Phenol removal from water comprises several strategies (1), (4), some of them destructive. Among these, total oxidation stands out due the great variety of modalities it covers. Thus, oxygen or air has been used for phenol oxidation in the presence or absence of catalysts as noble metals or transition metal cations, frequently supported on alumina or carbon. Additionally oxidation with ozone, hydrogen peroxide and chlorine has been reported as well the electrochemical phenol direct oxidation or indirect, including electro-Fenton (5). However, in these cases, an adequate oxidant dosage and appropriated physical and chemical conditions are necessary in order to avoid the appearance of intermediates and to assure the diminishing of phenolic compounds (6).

An example of a non-destructive phenol recovery technique is liquid-liquid extraction with various extractants such as cumene, TBP, hexane, 2-octanol or kerosene with recovery percentages from 70 to 99%. Distillation, which has the advantage of recovering several compounds at a time, is a strategy designed for samples with concentrations higher than 3000 mg l−1 (4).

Other non-destructive methods are based on the sorption of phenol in various materials such as activated carbon or chitosan. Others are based on the use of polymeric adsorbent materials made of styrene and divinylbenzene with a hydrophobic structure, different particle size, surface area and degree of cross-linking (7). Solvent impregnated resins (SIRs) have also been used due to the interaction between the extractant agent and phenol (8), (9), (10); thus, Amberlite XAD-16 resin impregnated with Cyanex 923 was used in order to improve the extraction rate. However, in both cases it is necessary to desorb the phenol after its extraction for a later process.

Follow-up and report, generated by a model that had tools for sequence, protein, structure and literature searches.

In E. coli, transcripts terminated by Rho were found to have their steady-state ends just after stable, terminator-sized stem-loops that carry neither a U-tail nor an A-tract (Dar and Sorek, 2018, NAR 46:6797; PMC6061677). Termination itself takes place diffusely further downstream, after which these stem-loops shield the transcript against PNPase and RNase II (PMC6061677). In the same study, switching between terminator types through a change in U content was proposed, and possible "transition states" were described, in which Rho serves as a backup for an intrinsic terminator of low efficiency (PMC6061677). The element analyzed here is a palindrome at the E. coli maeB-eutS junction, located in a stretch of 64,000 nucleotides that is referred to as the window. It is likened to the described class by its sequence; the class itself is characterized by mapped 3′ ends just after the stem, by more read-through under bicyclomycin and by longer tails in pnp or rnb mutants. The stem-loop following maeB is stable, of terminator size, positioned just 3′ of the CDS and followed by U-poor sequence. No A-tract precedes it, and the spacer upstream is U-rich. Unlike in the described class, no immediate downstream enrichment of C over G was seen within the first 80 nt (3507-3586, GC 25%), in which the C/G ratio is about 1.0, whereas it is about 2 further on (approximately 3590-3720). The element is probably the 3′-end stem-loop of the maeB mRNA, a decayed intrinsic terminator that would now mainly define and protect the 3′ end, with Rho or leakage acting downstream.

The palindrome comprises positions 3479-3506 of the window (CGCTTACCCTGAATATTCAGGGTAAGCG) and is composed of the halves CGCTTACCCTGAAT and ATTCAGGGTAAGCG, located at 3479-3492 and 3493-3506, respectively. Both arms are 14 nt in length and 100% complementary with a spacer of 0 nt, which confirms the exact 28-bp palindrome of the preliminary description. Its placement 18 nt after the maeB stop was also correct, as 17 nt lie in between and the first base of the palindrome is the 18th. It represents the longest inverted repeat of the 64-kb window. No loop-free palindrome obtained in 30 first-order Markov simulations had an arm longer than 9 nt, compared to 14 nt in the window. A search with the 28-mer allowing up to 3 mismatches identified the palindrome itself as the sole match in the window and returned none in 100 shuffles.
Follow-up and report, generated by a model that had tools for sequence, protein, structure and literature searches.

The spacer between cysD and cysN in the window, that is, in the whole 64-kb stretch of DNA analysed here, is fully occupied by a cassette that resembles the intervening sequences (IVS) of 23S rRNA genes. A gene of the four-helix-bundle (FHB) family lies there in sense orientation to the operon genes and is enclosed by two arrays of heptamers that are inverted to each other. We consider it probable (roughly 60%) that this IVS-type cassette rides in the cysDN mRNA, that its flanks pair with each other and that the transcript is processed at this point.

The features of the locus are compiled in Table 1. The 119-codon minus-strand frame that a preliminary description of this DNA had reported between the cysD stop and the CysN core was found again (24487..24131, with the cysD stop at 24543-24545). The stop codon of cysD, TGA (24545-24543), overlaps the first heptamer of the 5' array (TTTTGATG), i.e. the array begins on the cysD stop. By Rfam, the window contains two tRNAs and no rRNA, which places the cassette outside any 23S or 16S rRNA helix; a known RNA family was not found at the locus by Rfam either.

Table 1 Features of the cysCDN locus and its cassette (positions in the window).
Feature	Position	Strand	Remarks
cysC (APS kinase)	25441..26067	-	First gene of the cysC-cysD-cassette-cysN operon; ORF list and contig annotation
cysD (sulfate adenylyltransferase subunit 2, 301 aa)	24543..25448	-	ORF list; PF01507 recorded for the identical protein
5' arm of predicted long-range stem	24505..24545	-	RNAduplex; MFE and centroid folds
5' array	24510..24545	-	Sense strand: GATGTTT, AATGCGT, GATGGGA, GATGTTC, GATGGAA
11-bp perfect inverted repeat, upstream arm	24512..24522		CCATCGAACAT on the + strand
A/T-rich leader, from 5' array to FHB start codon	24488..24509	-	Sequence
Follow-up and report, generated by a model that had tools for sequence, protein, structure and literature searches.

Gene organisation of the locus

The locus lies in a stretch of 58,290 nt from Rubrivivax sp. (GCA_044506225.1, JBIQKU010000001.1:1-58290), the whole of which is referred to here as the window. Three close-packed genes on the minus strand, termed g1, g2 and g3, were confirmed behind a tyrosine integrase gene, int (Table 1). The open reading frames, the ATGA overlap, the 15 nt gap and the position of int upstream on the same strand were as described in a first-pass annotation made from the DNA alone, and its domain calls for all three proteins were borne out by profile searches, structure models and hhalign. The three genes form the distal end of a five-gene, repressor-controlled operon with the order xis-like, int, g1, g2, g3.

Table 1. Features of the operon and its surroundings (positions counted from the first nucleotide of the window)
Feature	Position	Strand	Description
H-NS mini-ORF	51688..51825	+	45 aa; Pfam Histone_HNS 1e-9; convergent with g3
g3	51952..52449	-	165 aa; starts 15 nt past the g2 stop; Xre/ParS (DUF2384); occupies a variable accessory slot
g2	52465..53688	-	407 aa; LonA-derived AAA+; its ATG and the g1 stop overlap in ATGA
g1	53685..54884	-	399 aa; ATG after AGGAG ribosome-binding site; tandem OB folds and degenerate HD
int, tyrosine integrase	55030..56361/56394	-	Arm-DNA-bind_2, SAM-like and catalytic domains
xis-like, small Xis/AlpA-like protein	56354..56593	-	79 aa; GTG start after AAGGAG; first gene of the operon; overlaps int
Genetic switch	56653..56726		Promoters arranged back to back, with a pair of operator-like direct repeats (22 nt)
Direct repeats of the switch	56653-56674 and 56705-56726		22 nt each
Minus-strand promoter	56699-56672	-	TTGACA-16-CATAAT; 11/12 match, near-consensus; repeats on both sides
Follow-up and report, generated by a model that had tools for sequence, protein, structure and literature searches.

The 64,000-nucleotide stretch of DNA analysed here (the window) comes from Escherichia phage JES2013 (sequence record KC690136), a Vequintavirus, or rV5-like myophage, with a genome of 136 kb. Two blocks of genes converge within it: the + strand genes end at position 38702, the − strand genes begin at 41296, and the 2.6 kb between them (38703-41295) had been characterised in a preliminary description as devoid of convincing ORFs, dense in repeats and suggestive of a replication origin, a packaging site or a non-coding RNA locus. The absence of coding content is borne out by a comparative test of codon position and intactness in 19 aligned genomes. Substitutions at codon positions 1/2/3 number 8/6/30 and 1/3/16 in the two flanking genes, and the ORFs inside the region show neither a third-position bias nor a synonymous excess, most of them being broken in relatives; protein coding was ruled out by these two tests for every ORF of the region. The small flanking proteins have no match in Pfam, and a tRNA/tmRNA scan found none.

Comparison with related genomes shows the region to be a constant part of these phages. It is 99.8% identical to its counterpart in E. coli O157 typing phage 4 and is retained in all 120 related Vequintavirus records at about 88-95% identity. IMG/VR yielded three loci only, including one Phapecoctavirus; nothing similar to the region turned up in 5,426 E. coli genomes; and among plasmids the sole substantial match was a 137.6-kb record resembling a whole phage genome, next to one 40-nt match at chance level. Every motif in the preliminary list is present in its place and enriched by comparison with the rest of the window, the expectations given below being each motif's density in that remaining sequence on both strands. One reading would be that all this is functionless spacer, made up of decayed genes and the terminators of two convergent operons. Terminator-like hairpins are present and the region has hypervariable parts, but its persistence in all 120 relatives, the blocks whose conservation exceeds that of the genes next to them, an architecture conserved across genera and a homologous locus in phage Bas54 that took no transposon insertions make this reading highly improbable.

Considering the above, membrane technology offers the possibility to extract and release an analyte by means of a simple and continuous procedure. A kind of membrane that gathers the selectivity of liquid membranes and stability of asymmetric membranes is the activated composite membrane (ACM) (11). The ACM consists of a dense layer that contains an extractant, all supported in a porous polymeric support. The ACMs have been used for the removal of metal ions with excellent results in extraction percentage (>95%) and short removal and separation times (<2 h) (12), (13), (14), (15), (16). However, the application of this type of membrane for removal and transport of organic compounds is scarce, so the present work is an important contribution in the field of membrane separation.

## 2.1 Materials

All commercial reagents were ACS grade and purchased from Aldrich (St. Louis, MO, USA). The Cyanex 923 extractant was kindly supplied by Cytec Industries Inc. (Hermosillo, Mexico); this compound has shown affinity for phenolics compounds in previous reports (17), (18), (19), (20).

## 2.2 Preparation of activated composite membrane